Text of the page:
The overriding sentiment from Barcelona’s 0-0 draw at home to Benfica on Tuesday night will probably be frustration.
Frustration that Frenkie de Jong’s header was just too central to beat Odysseas Vlachodimos, frustration that Ronald Araujo found himself just offside before volleying the ball into the back of the net, and frustration that a dominant display didn’t result in the victory that would’ve sealed Champions League progression.
While there is reason to bemoan the missed chances and ask ‘what if?’, the prevalent feeling should undoubtedly be hope.
Why? Because Xavi is home. And boy, does it show.
A few weeks ago La Blaugrana were down and out. Now, they enter the pitch with their chins up and tails wagging. A squad previously infested with despondency and despair are now playing with freedom and imagination. Throughout the early stages of the 2021/22 season, they were the antithesis of what the footballing world loves about Barcelona. Now, they look worthy of carrying that name.
The Camp Nou necropolis is resurging into something special.
This, simply and quite obviously, is due to the dismissal of Ronald Koeman and the subsequent introduction of Xavi. From a more pragmatic and coarse style that provoked little excitement from anywhere in the club now exists, well, the true Barcelona way.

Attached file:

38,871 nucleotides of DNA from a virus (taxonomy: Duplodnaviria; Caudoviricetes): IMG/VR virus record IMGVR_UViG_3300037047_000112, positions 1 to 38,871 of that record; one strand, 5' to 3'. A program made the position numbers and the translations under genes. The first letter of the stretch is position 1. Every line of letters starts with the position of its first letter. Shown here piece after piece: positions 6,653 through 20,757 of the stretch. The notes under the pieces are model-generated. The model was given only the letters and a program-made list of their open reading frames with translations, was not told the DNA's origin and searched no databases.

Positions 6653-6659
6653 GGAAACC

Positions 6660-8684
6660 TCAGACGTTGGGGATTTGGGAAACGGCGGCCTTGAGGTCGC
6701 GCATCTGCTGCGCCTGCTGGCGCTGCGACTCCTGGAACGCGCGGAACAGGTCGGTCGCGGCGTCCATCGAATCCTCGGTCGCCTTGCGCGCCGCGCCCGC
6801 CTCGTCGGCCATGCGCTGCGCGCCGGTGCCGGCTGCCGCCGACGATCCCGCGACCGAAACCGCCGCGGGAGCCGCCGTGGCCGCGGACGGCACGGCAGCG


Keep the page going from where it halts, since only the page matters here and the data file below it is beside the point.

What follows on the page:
After all, alongside the likes of Lionel Messi and Andres Iniesta, he represents all that was masterfully elegant and almost inimitable about the great Barcelona teams of the 21st century.
The first game of the 41-year-old’s tenure produced a hard-fought and respectable 1-0 win against city rivals Espanyol in La Liga, before facing Benfica in a crucial Champions League clash on Tuesday.
And in 180 minutes of football, the Barcelona faithful were given more reason to lift themselves from their seats than the whole of this campaign thus far. Indeed, despite being diminished to about half capacity because of the rain (yes, really, they didn’t turn up because of showers), the noise was incessant throughout the 0-0 draw. In spite of the disappointing result, it was a night to enjoy for the Camp Nou crowd.
From the swift gliding around challenges to drive the side upfield, to the composed playing around opposition press, and from measured through balls into channels to quick, untraceable and close-range triangular passing – there were flashes of the collective, creative style that has captivated the global audience for so long.
The likes of Sergio Busquets, Gerard Pique, Gavi and Nico Gonzalez – old and new – mixed perfectly to create a perfect concoction, in what was a creative, exciting, dominant and progressive display.
Of course, we most definitely will not see the same quality as the great Barcelona teams from recent times for a good few years. There is a project at the club – one that will take a while to materialise into another golden era – but it’s clear that the young players are central to that and, under Xavi, they will blossom into something great.